Volume 5 - Fret Leveling

Written by Patrick Podpadec on . Posted in Northcoast Voice

                       

                      Stay in Tune              Vol#5
                                                                                                         By Luthier Patrick Podpadec

 Hello to all of you “Voice” readers. I can’t believe how fast the time goes in between the articles . I’m always trying to think of something new to write about and just about the time that I do it is time to start writing again.  Before I do, I would like to talk a little more about frets and some of there inherent problems. In the last article, ( I hope you got to read it) I started to talk a little bit about fret leveling. I thought I might try to expand on that subject in this article.


   The first thing you do, is remove the strings. By doing this you will notice that by looking down the neck from the headstock to the body you should notice that the neck has a slight back bow in it. This means that the area of the neck between the 5th and the 9th fret is higher than the first fret and the12th or 14th fret. You can check this more accurately by placing a straight edge on the frets. There should be some “rocking” going on there. This means that you have to relieve the tension on the truss rod by turning it counter clockwise. You must make sure that you use the proper size Allen key or  the proper size nut driver or socket . If you strip the fine thread on the truss rod you are pretty much screwed . This is a whole other intensive repair that you do not want to get into. The truss rod is a integral part of any setup work that is done on all stringed instruments ( those  that have one) When it is not functioning properly you wont be able to set up the instrument correctly.


   So, now that you have successfully loosened the truss rod you can lay your straight edge back on the frets and check it to be as flat as possible. You can try to slip feeler gauges in between the frets and the straight edge. Do this on as many frets as needed until you have, either no gaps or very few measuring just a few thousands. Remember that the goal here is to try to get the fingerboard as flat as possible before you start filing any fret material away. If you were to start filing away on a bowed surface you will be removing far too much of the high frets before your file reaches the low ones.


     Make sense so far? I hope so. Now, before you start filing with your 10 “ flat bastard file, and I do mean flat! .Check it with straight edge ruler or something else that you know to be perfectly flat. I have come across many files, even brand new ones that have a slight bow to them. DO NOT USE THEM! It will only complicate your job or drive you crazy later trying to find out why your neck is still buzzing after all the work you just put into it. You  take a permanent black magic marker and blacken out the tops of every fret This is done so that you can tell where you have removed material from the fret and where you haven’t. You might have to repeat this procedure several times due to the severity of your frets. It doesn’t take a lot of force to remove the soft nickel/silver material from the frets. Usually the weight of the file itself is about all the pressure you need . You also have to be very careful of putting to much pressure on the fingerboard while your filing because if you are pushing down too hard you can easily Bend the neck out of its “straight” position. I use small sand bags that I have made up to place under the neck to stabilize it.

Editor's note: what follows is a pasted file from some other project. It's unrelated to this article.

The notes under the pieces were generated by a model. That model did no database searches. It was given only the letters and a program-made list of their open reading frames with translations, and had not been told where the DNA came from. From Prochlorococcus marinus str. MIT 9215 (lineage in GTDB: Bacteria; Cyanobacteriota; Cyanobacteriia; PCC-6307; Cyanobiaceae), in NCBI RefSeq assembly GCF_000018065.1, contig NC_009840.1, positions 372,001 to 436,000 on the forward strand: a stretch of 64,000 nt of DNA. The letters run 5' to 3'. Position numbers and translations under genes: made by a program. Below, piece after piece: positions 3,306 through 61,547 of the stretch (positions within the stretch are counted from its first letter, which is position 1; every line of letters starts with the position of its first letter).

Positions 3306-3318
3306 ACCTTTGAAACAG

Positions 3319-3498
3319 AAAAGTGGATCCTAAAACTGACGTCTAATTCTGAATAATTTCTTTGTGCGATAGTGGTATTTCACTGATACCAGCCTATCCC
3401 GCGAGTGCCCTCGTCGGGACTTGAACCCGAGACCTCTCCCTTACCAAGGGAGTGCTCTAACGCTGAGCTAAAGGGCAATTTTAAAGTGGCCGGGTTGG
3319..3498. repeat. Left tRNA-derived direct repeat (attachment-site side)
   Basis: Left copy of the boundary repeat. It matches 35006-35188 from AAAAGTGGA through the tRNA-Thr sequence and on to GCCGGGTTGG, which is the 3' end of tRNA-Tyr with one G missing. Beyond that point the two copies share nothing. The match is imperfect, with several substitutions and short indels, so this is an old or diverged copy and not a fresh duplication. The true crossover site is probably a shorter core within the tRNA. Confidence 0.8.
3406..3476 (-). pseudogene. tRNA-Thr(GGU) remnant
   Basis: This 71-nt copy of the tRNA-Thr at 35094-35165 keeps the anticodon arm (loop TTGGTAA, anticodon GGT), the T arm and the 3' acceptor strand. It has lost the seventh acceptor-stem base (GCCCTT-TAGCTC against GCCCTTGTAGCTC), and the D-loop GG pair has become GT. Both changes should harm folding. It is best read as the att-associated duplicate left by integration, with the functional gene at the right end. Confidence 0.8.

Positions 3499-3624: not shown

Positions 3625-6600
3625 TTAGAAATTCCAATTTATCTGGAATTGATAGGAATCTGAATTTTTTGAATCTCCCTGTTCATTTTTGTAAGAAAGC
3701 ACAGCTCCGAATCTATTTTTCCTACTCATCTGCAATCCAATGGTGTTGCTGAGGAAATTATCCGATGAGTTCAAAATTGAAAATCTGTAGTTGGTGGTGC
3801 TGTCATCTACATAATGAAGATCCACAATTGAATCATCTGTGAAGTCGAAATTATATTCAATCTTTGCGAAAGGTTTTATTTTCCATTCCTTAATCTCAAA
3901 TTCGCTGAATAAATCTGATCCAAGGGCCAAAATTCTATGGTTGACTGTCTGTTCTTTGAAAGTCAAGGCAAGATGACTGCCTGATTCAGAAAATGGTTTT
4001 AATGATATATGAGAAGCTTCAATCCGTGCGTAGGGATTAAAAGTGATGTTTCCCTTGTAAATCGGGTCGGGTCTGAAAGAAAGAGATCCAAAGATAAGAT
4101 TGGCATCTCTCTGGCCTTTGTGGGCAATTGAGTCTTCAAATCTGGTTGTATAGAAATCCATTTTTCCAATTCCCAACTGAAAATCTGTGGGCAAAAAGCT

Now if you have gotten this far your half way done. ( no one said it was gonna be easy!) This is where most people get hung up because the next procedure requires a specialty tool called a “crowning” file. It can be purchased from luthier supply houses such as “Stewart MacDonald”or “ Luthier Mercantile”. There are many styles ranging in price from $40. to $120 There are two sizes that are used for the different size fret wire that is on guitars, basses, mandolins and banjos. They take a certain amount of practice and patience in order to use them properly , but if you where to skip this procedure you are only doing half the job. I have seen and fixed many half done fret jobs.
   

It is possible to use a modified triangle needle file. You can grind down the two lower sides of the triangle so that the corners don’t dig into the wood of the fretboard. Be very careful when you file off the flat edge of the fret that you created in step one of the filing. You need to work both sides of the fret and be sure to try to “round off” the fret evenly.


    A  note of caution!  If this is your first time attempting something like this I highly recommend that you go and buy a book or a DVD on the subject ( look at “stewmac.com” or “lmi.com” )and practice on a few “garage sale specials” first ,before trying it out on your new instrument It is a procedure that is usually left for the experienced repairman. Each and every fretboard can have it’s own peculiar quirks. I have been doing this since 1982 and I still occasionally come across a real pain in the bleeeeeep!  I do realize though that you have to start somewhere or some time on something, somehow to be able to aquire any skills at it! I’m not sure that makes any sense but GOOD LUCK and have fun. Please email me with any questions at This email address is being protected from spambots. You need JavaScript enabled to view it.%20">This email address is being protected from spambots. You need JavaScript enabled to view it. Till next time!


               Thanks Again!

            From Patrick at Wood-n-Strings